It is a very old tradition.

      • Re:Killer Mania! (Score:3, Insightful)

        by pimpimpim (811140)
        When did FUD switch from the classical definition to "any random stupid statement that Joe Slashdotter disagrees with"?

        Since it's the shortest word to type as a slashdot tag for these kind of articles. Been noticing its inappropriate use already for some time now in the tags. Am a big fan of the tagging system what the rest concerns.

    • by bcat24 (914105)
      Can't we all just get along?
      No.
    • by TheDreadSlashdotterD (966361) on Saturday July 08, 2006 @11:57PM (#15685743) Homepage
      Are you proposing a killer killer?
    • by daveb (4522)
      In no article I've seen has any writer actually suggested or "alleged" that SUSE Enterprise 10 is going to be a "Vista killer," as the story submitter (and transitively, /. editor) purported. Gotta love the FUD.

      Take a look at this article. Yes it's crap - but this article DOES say that desktop 10 is taking on VISTA and aims to beat it.

      From TFA: " Novell, is angling to seize the day with the release of SUSE Linux Enterprise Desktop 10, a desktop OS geared to beat Vista in cost, manageability and feature

    • Why not? That 'trusted computing' in vista is like a cursed boots of slowness -35

      not to mention the cheezy 3-d desktop that lets you scroll 'side to side' to see stacked windows easier, all while doubling the power drain on a laptop.

      when you've got a fat bloated pig like vista, even suse 10 could easily be a vista killer.
      • Re:Killer Mania! (Score:2, Interesting)

        by Planesdragon (210349)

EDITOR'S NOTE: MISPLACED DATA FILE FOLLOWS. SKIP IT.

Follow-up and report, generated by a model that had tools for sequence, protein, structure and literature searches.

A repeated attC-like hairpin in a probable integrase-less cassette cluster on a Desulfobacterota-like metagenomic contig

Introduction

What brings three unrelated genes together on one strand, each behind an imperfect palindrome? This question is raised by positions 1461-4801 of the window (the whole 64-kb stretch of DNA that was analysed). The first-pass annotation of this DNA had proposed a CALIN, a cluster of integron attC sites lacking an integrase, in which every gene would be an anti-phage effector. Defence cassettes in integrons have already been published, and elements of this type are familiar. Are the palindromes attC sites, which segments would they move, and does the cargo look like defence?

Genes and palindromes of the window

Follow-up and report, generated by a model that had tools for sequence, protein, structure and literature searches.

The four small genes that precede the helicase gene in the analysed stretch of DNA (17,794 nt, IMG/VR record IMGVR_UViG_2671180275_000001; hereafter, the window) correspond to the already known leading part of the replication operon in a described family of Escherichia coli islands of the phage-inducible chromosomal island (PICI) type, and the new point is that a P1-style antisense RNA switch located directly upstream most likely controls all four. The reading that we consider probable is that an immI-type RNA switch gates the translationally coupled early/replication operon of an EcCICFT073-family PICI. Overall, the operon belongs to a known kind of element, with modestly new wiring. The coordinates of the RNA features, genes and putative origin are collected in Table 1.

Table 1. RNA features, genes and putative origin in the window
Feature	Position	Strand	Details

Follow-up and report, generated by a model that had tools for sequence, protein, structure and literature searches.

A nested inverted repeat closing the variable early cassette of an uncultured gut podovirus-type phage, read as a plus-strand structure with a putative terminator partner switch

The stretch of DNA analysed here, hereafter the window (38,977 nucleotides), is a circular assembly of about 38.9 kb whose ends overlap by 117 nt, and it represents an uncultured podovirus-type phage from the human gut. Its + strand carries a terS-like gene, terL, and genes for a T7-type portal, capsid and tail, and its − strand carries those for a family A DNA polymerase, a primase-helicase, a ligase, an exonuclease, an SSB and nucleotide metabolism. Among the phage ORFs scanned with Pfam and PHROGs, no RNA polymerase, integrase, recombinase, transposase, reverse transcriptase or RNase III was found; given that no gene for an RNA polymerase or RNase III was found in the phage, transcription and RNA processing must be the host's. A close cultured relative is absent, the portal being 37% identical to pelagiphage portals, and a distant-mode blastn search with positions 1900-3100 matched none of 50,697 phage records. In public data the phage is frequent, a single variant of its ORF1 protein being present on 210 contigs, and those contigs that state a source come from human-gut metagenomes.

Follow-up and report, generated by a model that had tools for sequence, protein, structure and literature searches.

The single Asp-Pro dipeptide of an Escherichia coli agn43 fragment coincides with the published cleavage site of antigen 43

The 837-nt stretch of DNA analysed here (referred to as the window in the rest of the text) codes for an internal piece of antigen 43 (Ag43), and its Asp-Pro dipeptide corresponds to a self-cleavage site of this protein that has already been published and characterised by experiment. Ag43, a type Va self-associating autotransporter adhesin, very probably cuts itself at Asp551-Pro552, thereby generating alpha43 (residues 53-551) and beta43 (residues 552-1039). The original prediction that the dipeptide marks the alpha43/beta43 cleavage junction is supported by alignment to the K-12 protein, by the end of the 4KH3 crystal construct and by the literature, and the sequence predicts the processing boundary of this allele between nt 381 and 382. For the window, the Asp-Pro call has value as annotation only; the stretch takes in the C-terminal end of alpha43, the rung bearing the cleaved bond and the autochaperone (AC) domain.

Sheesh.

        Why not? That 'trusted computing' in vista is like a cursed boots of slowness -35

        Except that Vista doesn't include Trusted Computing. It has some DRM features, but not a heck of a lot more that you can get with Windows XP and the latest MS Media software. Oh, and if you don't use any DRM files, absolutely nothing DRM related runs.

        not to mention the cheezy 3-d desktop that lets you scroll 'side to side' to see stacked windows easier,

        Oh, yes, MS is certainly the first OS manufacturer to realize that
    • Re:Killer Mania! (Score:2, Insightful)

      by kojo88 (987759)
      as an angry user of windows for the last 8 years (im only 17) i was very interested in testing the SUSE linux system as part of my work experience, i was amazed at how easy it is to use applications but there is still one downside- and that's installin software, i installed 4 different media players and none of them could open a mpeg file, i was very dissapointed, i also had to install drivers for a pci-e graphics card, that took me into all this coding stuff and while im not scared of that i still needed a
    • The fact is: This is indeed about killing. Novell killed SuSe as we knew it when gave their desktop strategist more say than market. SuSE Enterprise is a zombie distribution.

      Push-technologists from Ximian wanted to standardise SuSE on Gnome. Market never requested it. I like Gnome, I use it sometimes. But selling a SuSE with Gnome as default is like a holy shrine in a whorehouse. I don't like a Gnome SuSe.

      SuSE always had a reputation of a solid and easy distribution and followed a true and fair view. Suppor
  • Looks nice (Score:3, Insightful)

    by p!ssa (660270) * on Saturday July 08, 2006 @10:51PM (#15685547)
    This does look like a nice desktop solution but I do not see any mass migrations to SLED in the enterprise. With the existing installed base of windows & apps in the companies I consult for, it will take alot more than this to replace the windows based systems. It is realtively easy to get some backend server moved over with proper justification but most dont want to disrupt the installed base of users with the change and associated complications, beside windows does not cost $300 dollars in the enterprise. Corporate licences are very reasonable and may even be cheaper in the ong run.
    • Does an install base of 14000 [techworld.com] classify as 'mass migration'? I don't know if they did Novell though. I've run NLD9, and I didn't like it, but fortunately, linux is about my choice - not someone else's. I found a distro I did like - actually several.. so did Munich. So will others.
    • Re:Looks nice (Score:5, Insightful)

      by porkThreeWays (895269) on Sunday July 09, 2006 @12:05AM (#15685760)